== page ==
Washing Your Face with Raw Honey

If you have sensitive skin like me, you may have disliked every face wash you have ever tried. They are either too drying and leave the skin on your face feeling stretched taut; or they are too harsh and leave your skin red and irritated; or they leave residue that you can’t seem to get off unless you use yet another facial cleanser. Or, you may be concerned about the chemicals and want to reduce your exposure to possible toxins that can cause long-term damage to your body.

I wasn’t using anything but water to wash my face because I was afraid of causing an allergic reaction (see my “Naked” Face post,)  but I started washing my face with raw organic honey a few weeks ago when my skin was feeling “icky.” I first got the idea to do so when I saw other facial cleansers advertising honey as the magical ingredient in the product that “pulls dirt out of your pores.” Instead of purchasing an expensive facial cleanser that only contained a small percentage of honey, I thought I would do some research to see if others had success using just pure honey as a face wash. It seems that a few other bloggers had tried honey face washes with success so I gave it a go.

I was pleasantly surprised with how perfect honey acts as a face wash. It’s gentle and creamy but it also “tugs” and gently exfoliates. Then, it washes off extremely easily with water (since it dissolves quickly in water,) and leaves your face feeling clean, supple, and almost moisturized–never dry (I say almost moisturized because you still have to use a moisturizer–I use 100% organic Argan Oil.) Before trying honey as a face wash, I was afraid that the honey would get “stuck” on your face and it would impossible to rinse it off. I found the opposite to be true–honey washes off very easily, except if you accidentally got it into your hairline; then you should just shampoo your entire head to remove it.

If you want to give this honey wash a try, read on for tips on which kinds of honey and do-it-yourself tricks.

  1. Use raw, organic honey. This ensures you are getting the purest form and that all the living enzymes are preserved. When compared to most facial cleansers, raw honey is no more expensive than buying a comparably sized tube of face wash and it lasts for the same amount of time because you are using roughly the same amount with each wash. 100% raw, organic Mexican honey is $5.99 for a 16-ounce jar at Trader Joe’s. Scoop out 1 teaspoon of it and rub it in circular motions all over your face (do not wet your face first.) The honey’s natural stickiness exfoliates your skin. This won’t remove makeup but it will remove oil.
  2. Use raw organic Manuka honey if you have the budget for it. Manuka honey is produced by bees in New Zealand that pollinate the manuka bush (more commonly known to us as tea tree.) Similarly to tea tree oil, Manuka honey has antimicrobial properties and a UMF (Unique Manuka Factor) of 10+ is considered potent enough for medicinal uses. Healthcare professionals may recommend medical-grade Manuka honey to treat wounds. For use as a face wash, I have found that regular 10+ Manuka honey works great. Manuka honey smells less sweet and has an earthy tea tree oil smell. It doesn’t taste as good as regular honey so I recommend that you use Manuka honey exclusively for washing your face. The best price I have found for Manuka honey is also at Trader Joe’s: $10.99 for an 8.8-ounce jar of 10+ UMF ($1.25/oz.) However, I learned today that this product is seasonal and as of early March, it is out of stock until the next North American winter (New Zealand’s summer.)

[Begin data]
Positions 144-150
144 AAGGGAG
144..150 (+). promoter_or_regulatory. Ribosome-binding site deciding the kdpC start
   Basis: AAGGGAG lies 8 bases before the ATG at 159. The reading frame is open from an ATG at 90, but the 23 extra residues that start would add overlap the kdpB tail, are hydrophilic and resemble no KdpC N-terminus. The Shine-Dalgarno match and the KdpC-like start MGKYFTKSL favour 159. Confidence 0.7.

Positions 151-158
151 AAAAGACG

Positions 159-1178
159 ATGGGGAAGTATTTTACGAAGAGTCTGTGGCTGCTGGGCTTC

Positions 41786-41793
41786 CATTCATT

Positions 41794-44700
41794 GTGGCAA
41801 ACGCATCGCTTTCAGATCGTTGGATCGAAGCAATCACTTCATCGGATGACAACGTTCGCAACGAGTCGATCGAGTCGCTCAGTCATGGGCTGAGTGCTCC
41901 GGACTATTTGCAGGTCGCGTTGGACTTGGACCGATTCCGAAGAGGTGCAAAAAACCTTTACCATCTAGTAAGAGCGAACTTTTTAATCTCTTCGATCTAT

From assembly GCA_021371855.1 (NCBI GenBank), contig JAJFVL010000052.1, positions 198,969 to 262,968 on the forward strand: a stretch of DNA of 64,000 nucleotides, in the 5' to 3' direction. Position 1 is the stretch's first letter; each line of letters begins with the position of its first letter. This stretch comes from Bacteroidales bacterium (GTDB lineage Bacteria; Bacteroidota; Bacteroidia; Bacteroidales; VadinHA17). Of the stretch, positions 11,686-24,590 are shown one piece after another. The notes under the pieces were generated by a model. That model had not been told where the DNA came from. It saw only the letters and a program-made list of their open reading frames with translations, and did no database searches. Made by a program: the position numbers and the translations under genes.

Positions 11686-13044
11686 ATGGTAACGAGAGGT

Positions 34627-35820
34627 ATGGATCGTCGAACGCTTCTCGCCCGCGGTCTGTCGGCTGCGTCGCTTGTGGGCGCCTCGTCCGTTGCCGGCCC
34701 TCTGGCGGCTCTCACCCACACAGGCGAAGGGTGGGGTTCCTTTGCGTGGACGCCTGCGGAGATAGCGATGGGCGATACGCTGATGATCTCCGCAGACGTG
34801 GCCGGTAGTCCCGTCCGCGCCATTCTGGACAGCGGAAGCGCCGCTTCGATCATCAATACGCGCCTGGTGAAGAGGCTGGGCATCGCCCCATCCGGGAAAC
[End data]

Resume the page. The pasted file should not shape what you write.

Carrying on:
Amazon.com carries 100% Organic Manuka Honey Active 16+ by Wedderspoon year-round. This is the same brand that Whole Foods carries so you can do a quick price comparison between your local Whole Foods Market and Amazon.com to find the best price. I have found the price differential between Wedderspoon’s 16+ and 12+ to be negligible so I prefer the 16+ due its higher concentration of methylglyoxal, the antimicrobial compound specific to Manuka Honey.
    For reference, a Wedderspoon Raw Manuka Honey Active 12+, 8.8-ounce Jar costs $23.99, (which breaks down to $2.73/ounce,) compared to $24.99 for Wedderspoon Organic – 100% Raw Manuka Honey, active 16+, 8.8 oz honey ($2.84/ounce.) I still go for the much cheaper Trader Joe’s Manuka honey when it is in stock.
  3. Mix in baking soda for extra exfoliation. If you like the feeling of an apricot or bead scrub on your face, you should add baking soda to your honey to help remove blackheads and whiteheads. I like the scrub to feel “extra grainy” so I mix 1 part baking soda and 1 part honey, which leaves my face feeling more polished than if I used honey only alone. Do not mix a big batch at of baking soda and honey. I did that and the baking soda reacts with honey, turning the mixture into odd-smelling foamy gunk that probably is not harmful to put on your face, but also isn’t as pleasant as smooth and creamy honey. Mix 1 teaspoon of each together right before you are going to put it on your face for the best results. I find that the baking soda honey scrub does an excellent job of cleaning and removes more oil than honey alone. However, I usually follow up with a Manuka honey mask after the scrub to bring a little bit of moisture back to my skin since honey is a humectant.

Check out this Women’s Health article to see their recommendations for using honey as a facial cleanser too and let me know what you think if you try it yourself!

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